Supporting the updated definition of pain. But what about labour pain?
The wording of both the current and the authors' proposed definitions of pain describes tissue damage (actual or potential) as the main attributor to the pain experience. The definitions also imply that the function of pain is to indicate bodily tissue damage (actual or potential). Neither of these points may apply to the pain experience associated with labour. During labour, there is undeniably nociceptor activity. Mechanical stimulation of A-delta and C fibres originating in the uterus, cervix, pelvic floor, and surrounding pelvic structures occurs due to strong uterine contractions which dilate the cervix and distend the lower uterine segment to cause descent of the baby through the pelvis.5 This nociception may certainly contribute to a woman's subsequent experience of pain. In fact, it has been demonstrated that pain intensity is associated with degree of cervical dilation and therefore is a useful indicator of progression towards the birth.1,2 It may not be accurate, however, to say that the woman's increasing pain intensity is associated with her perception that there is a rising degree of tissue damage (actual or potential) occurring. It could be argued that as labour is a normal (and essential) physiological process, there is no tissue damage in the sense of injury, pathology, or disease. Instead, there are normal tissue changes occurring. The function of pain in this context could be thought of as an urgent indicator to the woman to tune into her body and focus on the essential and extreme tissue changes that are taking place. It also urges the woman to seek help from caregivers and her pain behaviours signal to caregivers that she is in need of help.6 We accept that childbirth remains a dangerous experience for many women across the world, but is the pain a sign of tissue vulnerability, or more reflective of an innate need to drive the behaviour of the woman and those around her, and the powerful cognitive, emotional, and social influences on the overall experience of pain3,7?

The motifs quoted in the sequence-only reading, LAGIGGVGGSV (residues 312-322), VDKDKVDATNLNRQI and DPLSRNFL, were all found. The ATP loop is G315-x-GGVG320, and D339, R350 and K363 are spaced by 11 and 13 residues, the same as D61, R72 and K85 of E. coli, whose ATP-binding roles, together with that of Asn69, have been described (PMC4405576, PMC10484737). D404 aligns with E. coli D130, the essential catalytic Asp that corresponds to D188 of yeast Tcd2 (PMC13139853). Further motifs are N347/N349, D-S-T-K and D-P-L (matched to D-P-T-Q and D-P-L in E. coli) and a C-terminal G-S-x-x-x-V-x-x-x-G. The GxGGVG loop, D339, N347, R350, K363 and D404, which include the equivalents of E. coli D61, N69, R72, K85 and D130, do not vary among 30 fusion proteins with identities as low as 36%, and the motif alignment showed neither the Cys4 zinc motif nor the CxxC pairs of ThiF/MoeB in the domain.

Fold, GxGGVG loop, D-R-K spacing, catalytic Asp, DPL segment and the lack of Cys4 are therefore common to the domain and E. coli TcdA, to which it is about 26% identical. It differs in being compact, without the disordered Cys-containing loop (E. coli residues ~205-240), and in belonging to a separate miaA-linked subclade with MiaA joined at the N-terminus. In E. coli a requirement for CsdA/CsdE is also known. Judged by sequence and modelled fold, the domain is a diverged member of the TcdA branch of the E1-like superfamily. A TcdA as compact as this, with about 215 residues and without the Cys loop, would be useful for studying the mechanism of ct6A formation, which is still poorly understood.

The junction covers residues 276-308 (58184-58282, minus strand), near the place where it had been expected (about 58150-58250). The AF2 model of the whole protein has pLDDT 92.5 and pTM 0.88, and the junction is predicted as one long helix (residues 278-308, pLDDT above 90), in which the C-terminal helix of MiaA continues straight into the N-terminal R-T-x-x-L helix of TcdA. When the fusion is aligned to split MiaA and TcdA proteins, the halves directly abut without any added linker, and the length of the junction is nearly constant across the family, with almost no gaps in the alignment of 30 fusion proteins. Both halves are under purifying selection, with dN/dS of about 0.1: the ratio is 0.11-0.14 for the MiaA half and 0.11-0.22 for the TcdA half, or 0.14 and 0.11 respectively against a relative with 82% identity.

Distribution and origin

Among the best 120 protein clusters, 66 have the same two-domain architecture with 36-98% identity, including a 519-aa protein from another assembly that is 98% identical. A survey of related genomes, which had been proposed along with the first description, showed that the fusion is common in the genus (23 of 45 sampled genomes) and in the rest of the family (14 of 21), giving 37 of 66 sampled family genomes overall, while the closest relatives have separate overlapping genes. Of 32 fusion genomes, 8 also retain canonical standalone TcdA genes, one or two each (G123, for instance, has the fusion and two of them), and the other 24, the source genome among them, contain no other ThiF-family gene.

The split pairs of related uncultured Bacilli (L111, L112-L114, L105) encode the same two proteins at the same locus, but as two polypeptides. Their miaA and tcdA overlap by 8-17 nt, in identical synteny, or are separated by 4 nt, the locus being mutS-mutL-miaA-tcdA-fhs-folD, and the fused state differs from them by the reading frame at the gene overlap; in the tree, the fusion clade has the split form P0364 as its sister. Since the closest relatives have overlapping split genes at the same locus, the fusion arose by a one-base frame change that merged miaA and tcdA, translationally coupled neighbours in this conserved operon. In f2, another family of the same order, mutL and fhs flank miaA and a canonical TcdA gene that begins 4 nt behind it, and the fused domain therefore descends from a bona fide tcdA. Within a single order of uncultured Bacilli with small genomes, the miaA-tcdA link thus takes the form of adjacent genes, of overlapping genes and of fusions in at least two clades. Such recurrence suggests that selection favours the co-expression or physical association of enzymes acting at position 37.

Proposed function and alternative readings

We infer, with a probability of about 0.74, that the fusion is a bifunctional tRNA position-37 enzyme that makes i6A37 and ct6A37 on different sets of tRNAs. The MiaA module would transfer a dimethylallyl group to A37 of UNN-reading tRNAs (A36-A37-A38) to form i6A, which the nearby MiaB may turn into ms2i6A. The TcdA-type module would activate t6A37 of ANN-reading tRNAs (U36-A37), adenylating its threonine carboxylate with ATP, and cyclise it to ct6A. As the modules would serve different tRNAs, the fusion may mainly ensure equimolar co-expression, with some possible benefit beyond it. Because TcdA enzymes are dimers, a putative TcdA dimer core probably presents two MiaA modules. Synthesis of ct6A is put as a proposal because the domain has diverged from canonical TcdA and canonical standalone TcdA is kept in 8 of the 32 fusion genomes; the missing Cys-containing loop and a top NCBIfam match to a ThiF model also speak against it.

We would also like to comment on the use of the words “unpleasant” and “distressing” in the current and proposed definitions respectively. It has been demonstrated in a number of studies that labour pain can be experienced as a positive pain ie, one that is not distressing but instead is described as empowering and is embraced by the woman experiencing it.4,7 In these studies, women described their pain using positive emotional qualities such as “it felt good”, “it's positive pain”, and “happy pain”, and used other words such as “power”, “strength”, and “sensational ecstasy” for their pain. Therefore, the pain may not necessarily always be an unpleasant experience and, as these examples demonstrate, certainly not always distressing. We are not suggesting that every woman experiences labour pain in this way, but sometimes unique examples of a phenomenon that challenge existing preconceptions about it allow for learning to occur and a subsequent deeper understanding of that phenomenon. Examining labour pain, particularly positive experiences of it, may teach us something new about pain and broaden our current conceptions of it.